# Prove $(x_1x_2\cdots x_n)^{\frac{1}{n}}\leq \frac{1}{n}(x_1+x_2+\cdots+x_n)$

Prove $$(x_1x_2\cdots x_n)^{\frac{1}{n}} \leq \frac{1}{n}(x_1+x_2+\cdots+x_n)$$

for all $$x_1,\ldots, x_n > 0$$.

To prove this we are supposed to use the fact that the maximum of $$(x_1x_2\cdots x_n)^2$$, for all $$x$$ with $$||x||^2 =1$$,

is achieved in the point $$a= (\frac{1}{\sqrt{n}}, ... , \frac{1}{\sqrt{n}})$$, with the maximum equal to $$\frac{1}{n^n}$$. The value of point $$a$$ I calculated using the theorem of lagrange multipliers, however I do not know how to prove the statement with which I started the question.

Big thanks

• Welcome to MSE! Better use \cdot instead of $*$. Also, the fact to be used is quite unclear to me. Oct 10 '20 at 13:48
• thanks for the tip! I think what we are supposed to use is that $(x_1 \cdot x_2 \cdot ... \cdot x_n)^2 \leq n$ for all $x$ with $||x||^2 =1$. Oct 10 '20 at 13:54
• @Jonas: It’s incorrect when $n\neq 2$. you may want to take a look at this Wikipedia entry regarding this en.m.wikipedia.org/wiki/… Oct 10 '20 at 13:59
• thanks, the proof in the link is helpful! Oct 10 '20 at 14:08
• @Jonas this is the famous am-gm inequality you can search on the site as proof of am -gm inequality I am sure it is present. Oct 10 '20 at 15:03

This inequality is known as the inequality of arithmetic and geometric means, or the AM-GM inequality for short.

There are many many ways to prove it and I think you can easily find such proofs on the internet (such as on this website). Though it seems to me that you want a proof that uses the following fact that you are able to prove yourself:

The maximum of $$(y_1\dots y_n)^2$$ subject to $$\|y\|^2=1$$ is $$1/n^n$$, achieved when $$y_1=\dots=y_n=1/\sqrt{n}$$.

Indeed, applying the above result for $$y_i = \sqrt{\frac{x_i}{x_1+\dots + x_n}}, \quad i=1,2,\dots,n,$$ (notice that $$\|y\|^2=1$$), we see that the maximum of $$\frac{x_1\dots x_n}{(x_1+\dots + x_n)^n}$$ is $$1/n^n$$, which means $$\frac{x_1\dots x_n}{(x_1+\dots + x_n)^n} \le \frac{1}{n^n},$$ or equivalently $$(x_1\dots x_n)^{1/n} \le \frac{x_1+\dots + x_n}{n},$$ achieved when $$\sqrt{\frac{x_i}{x_1+\dots + x_n}} = \frac{1}{\sqrt{n}} \ \forall i$$, i.e., $$x_1=x_2=\dots=x_n$$.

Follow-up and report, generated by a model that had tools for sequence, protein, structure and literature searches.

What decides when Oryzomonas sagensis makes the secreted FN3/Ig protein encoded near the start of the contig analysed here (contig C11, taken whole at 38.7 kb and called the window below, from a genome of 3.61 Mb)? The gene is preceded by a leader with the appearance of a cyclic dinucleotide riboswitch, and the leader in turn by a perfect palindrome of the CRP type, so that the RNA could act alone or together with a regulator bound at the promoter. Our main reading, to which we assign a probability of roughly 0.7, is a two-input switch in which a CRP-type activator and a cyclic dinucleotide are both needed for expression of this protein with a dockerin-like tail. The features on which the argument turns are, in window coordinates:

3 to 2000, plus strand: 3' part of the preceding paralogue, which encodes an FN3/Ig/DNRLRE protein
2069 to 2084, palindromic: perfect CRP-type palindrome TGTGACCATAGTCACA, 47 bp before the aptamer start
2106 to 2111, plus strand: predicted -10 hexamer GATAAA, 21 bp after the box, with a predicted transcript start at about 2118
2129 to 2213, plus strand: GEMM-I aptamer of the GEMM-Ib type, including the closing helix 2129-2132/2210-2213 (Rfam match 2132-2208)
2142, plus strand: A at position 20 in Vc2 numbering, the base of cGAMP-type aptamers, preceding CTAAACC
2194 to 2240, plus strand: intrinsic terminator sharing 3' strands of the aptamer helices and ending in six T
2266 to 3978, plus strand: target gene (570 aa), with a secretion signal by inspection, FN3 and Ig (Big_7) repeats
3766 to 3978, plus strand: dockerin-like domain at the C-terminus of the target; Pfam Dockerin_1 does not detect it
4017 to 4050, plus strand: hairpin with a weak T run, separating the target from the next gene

P/s: The technique for reducing the original unconstrained inequality over $$x$$ to the above constrained inequality over $$y$$ is called normalization.

We know that:

$$(x_1+x_2+x_3+ \cdot \cdot \cdot + x_n)^n= n!(x_1x_2x_3 \cdot \cdot\cdot x_n) + M$$

Therefore:

$$(x_1+x_2+x_3+ \cdot \cdot \cdot + x_n)^n> n!(x_1x_2x_3 \cdot \cdot\cdot x_n)> n(x_1x_2x_3 \cdot \cdot\cdot x_n)$$

Or:

$$\frac{1}{(n)^{\frac 1n}}(x_1+x_2+x_3+ \cdot \cdot \cdot + x_n)> (x_1x_2x_3 \cdot \cdot\cdot x_n)^{\frac 1n}$$

Clearly:

$$\frac{1}{(n)^{\frac 1n}}>\frac1n$$

Therefore:

$$\frac{1}n(x_1+x_2+x_3+ \cdot \cdot \cdot + x_n)\geqslant (x_1x_2x_3 \cdot \cdot\cdot x_n)^{\frac 1n}$$

Equality holds if $$x_1=x_2=x_3= \cdot\cdot\cdot x_n$$

There is also a proof in:Classical algebra, author: G.Paria, ISBN 81-7381-16-1, page 160.

• Why does $\frac{1}{(n!)^{\frac 1n}}>\frac1n$ imply the last inequality?
– Khue
Oct 10 '20 at 20:47
• @Jonas, did you find the solution in reference I gave? Oct 11 '20 at 8:20
• @Khue, I corrected my answer. Oct 11 '20 at 12:11
• Well, it's even worse. $\frac{1}{(n)^{\frac 1n}}<\frac1n$ is clearly wrong.
– Khue
Oct 11 '20 at 12:25